Sep 29, 2022 - Health

America's big consumer medical debt problem

Share of adults with medical bill problems who faced other financial issues
Data: The Commonwealth Fund; Note: Study defines "medical bill problems" as having difficulty with paying medical bills, having been contacted by a collection agency for unpaid bills, having to change way of life in order to pay medical bills and/or having outstanding medical debt. MOE ± 1.7 percentage points at 95% confidence; Chart: Madison Dong/Axios Visuals

The number of Americans who have health insurance has never been higher — but more than 40% surveyed this year said they struggled to pay medical bills or were paying off medical debt, according to a biennial report from The Commonwealth Fund.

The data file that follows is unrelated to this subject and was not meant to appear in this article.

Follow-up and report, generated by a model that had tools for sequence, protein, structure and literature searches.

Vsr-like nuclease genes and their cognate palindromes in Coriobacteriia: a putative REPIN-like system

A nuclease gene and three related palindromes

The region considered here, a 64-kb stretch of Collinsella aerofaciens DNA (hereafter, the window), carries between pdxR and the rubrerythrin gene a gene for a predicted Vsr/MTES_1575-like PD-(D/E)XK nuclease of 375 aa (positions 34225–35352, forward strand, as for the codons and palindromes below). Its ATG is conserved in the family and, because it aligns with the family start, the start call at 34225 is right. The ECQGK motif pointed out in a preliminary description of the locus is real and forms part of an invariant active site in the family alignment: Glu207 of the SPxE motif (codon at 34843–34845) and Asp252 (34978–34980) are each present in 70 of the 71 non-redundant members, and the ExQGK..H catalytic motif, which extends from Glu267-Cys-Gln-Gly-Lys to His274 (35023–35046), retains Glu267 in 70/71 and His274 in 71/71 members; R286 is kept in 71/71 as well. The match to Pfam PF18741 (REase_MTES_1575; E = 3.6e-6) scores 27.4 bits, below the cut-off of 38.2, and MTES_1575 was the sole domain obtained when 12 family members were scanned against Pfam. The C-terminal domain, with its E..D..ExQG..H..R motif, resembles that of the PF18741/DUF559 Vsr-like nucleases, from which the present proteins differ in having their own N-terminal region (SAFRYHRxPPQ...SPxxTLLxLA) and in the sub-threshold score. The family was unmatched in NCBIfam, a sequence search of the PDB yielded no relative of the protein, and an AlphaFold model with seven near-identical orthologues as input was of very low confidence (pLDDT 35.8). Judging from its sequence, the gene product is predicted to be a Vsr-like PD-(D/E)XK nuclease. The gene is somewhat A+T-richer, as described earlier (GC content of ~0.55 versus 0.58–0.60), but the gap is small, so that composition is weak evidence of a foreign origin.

Why it matters: It's the latest evidence that insurance coverage alone can't insulate people against soaring medical costs, leaving some facing long-term financial consequences.

By the numbers: In the survey, based on responses from more than 6,000 people between March and July 2022, nearly half (49%) of the respondents said they would be unable to pay an unexpected $1,000 medical bill within 30 days.

  • About 2 in 5 who said they had problems paying down medical debt reported problems like lowered credit ratings, credit card debt or depleted savings.
  • Nearly 1 in 10 had taken a mortgage against their home or obtained a loan to pay back their medical debt.

The big picture: As we've previously reported, Americans owe debt collectors more medical debt than any other kind.

The bottom line: Without policy changes, the problem stands to worsen as inflation drives up costs, including premiums and deductibles, said Sara Collins, lead author of the study.

  • In addition, the looming expiration of the COVID public health emergency could trigger states to redetermine Medicaid enrollees' eligibility and cause nearly 16 million people to lose coverage.
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